Fly-fishing and beer go together like apple pie and ice cream or peanut butter and jelly. Western Montana offers outstanding fly-fishing streams as well as a surprising number of microbrewing companies to visit after a successful day of fishing.
Western Montana has no fewer than 20 rivers to choose from for fishing. And Montana trout are managed not by stocking with hatchery fish, but rather by protecting habitat along with catch and release restrictions in certain areas to preserve the wild population. That means wild and aggressive trout that are looking for your fly. The Bitterroot River near Hamilton, the Clark Fork River near Missoula and the Middle Fork of the Flathead River near Glacier National Park are all known for their good fishing, clear fast-moving water, great scenery, and wildlife. All three rivers support cutthroat, rainbow, brown and bull trout. What’s not to like about this picture?
Craft breweries are conveniently located near all three rivers. Western Montana is home to some of the best beer in the West. The varieties of beer from pale to dark make sampling an indulgence after a hard day of fishing.
And if you’re looking for advice on which fly will ease the fishing, well, take it with a grain of salt.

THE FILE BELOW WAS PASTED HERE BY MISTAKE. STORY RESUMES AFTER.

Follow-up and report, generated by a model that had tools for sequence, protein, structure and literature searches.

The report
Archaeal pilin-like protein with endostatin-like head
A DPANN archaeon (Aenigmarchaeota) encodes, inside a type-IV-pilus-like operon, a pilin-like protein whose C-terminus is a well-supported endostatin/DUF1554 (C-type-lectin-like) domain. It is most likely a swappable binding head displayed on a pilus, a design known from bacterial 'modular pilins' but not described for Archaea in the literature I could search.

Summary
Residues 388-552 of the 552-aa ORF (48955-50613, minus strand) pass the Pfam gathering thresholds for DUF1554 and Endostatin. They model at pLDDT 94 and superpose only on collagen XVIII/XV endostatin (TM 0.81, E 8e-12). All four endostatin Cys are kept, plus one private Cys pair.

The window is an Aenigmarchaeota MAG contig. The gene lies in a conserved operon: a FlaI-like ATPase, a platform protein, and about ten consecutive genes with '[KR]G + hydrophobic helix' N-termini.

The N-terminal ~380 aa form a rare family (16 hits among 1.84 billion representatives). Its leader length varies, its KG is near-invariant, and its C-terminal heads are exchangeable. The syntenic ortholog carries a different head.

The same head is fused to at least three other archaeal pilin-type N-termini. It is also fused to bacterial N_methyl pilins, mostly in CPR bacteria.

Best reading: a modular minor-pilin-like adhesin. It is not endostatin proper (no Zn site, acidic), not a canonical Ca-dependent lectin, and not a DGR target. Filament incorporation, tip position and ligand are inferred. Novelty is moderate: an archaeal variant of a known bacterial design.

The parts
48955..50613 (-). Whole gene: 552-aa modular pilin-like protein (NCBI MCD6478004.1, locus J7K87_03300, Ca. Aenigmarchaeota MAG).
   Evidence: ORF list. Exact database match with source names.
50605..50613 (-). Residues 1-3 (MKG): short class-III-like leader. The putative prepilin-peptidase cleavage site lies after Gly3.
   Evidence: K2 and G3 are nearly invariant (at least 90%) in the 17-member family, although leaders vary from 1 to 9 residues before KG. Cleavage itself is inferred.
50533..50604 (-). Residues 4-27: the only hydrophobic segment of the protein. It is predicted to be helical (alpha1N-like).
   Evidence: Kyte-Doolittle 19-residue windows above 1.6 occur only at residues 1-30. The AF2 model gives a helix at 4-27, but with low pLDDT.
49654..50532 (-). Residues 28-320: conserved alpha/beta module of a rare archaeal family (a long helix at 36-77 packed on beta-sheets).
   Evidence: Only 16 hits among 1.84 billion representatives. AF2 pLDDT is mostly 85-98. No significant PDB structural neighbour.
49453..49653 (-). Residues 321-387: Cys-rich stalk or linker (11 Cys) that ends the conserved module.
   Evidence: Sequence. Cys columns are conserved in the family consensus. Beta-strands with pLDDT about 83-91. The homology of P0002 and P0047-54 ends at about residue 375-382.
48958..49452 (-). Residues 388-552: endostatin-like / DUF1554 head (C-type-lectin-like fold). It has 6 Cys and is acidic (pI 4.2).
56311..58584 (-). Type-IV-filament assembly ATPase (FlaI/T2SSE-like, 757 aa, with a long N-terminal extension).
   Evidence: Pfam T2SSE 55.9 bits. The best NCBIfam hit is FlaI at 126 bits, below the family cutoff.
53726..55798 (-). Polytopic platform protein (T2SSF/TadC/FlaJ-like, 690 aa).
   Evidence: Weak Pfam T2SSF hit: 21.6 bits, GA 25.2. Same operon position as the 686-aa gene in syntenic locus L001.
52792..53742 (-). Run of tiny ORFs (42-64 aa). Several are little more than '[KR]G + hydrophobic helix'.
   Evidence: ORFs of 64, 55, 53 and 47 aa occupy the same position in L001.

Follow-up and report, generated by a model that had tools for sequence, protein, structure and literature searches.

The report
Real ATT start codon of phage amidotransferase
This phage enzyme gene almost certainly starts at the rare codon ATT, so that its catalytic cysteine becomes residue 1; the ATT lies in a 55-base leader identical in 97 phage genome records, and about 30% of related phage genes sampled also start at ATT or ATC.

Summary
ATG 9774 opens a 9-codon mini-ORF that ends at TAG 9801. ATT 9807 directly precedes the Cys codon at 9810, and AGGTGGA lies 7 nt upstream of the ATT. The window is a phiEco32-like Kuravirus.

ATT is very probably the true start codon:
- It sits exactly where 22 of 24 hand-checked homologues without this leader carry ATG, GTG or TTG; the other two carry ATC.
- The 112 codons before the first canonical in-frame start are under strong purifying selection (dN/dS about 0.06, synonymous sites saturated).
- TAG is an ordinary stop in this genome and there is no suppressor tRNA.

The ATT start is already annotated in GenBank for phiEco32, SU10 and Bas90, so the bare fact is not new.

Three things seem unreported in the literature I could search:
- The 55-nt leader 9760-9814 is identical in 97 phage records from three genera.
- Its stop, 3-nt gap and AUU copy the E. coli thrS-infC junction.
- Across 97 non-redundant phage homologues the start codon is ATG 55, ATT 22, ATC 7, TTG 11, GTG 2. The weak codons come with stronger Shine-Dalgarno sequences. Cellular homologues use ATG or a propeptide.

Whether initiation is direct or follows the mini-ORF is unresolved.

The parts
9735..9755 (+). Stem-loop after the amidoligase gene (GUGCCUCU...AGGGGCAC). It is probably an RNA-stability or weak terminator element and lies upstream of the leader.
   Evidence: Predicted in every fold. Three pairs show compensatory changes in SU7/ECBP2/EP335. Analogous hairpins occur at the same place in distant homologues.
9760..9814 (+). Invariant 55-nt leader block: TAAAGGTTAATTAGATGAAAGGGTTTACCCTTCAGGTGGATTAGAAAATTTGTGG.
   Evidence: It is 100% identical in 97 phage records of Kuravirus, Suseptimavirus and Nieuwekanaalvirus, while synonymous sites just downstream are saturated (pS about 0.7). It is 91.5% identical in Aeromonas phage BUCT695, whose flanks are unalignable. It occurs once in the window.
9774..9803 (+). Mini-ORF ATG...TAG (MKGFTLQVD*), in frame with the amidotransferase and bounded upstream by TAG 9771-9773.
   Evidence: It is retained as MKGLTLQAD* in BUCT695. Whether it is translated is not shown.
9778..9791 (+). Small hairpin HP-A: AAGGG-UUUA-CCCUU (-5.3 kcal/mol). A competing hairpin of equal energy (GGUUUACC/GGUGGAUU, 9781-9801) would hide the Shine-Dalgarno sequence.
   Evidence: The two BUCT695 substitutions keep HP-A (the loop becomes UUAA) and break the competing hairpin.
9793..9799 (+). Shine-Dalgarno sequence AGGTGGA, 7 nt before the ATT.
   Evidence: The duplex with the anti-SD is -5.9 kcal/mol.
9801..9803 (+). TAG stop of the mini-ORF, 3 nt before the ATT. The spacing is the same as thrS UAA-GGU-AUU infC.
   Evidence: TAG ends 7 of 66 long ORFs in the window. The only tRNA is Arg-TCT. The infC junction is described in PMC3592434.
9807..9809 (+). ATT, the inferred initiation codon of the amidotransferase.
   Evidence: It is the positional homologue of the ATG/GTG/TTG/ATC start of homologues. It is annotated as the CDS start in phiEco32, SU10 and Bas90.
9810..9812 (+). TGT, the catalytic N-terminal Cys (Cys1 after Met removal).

“Every guide will tell you what their fly is and every guide will give you a different answer – every year,” said Mike Cooney, operations manager at Glacier Raft Co.
“Personally, my answer would be to stick to the traditional patterns,” he said. “The Stimulator, affectionately known as a ‘Stimi,’ is a main staple of my box as well as a Royal Wolf, H.L. Varient, parachute hopper and for a nymph-prince nymph.”
Cooney said the hot fly that works one season gets replaced by another hot one the next year. “It seems that the Westslope Cutthroat isn’t really that picky and the guides tend to be pickier than the fish when it comes to what fly to toss,” he said.
Here’s a look at three top-rated Montana fishing streams, tried and true outfitters, close-by brew pubs and suggested places to stay overnight. The hardest decision you have to make is what stream to fish.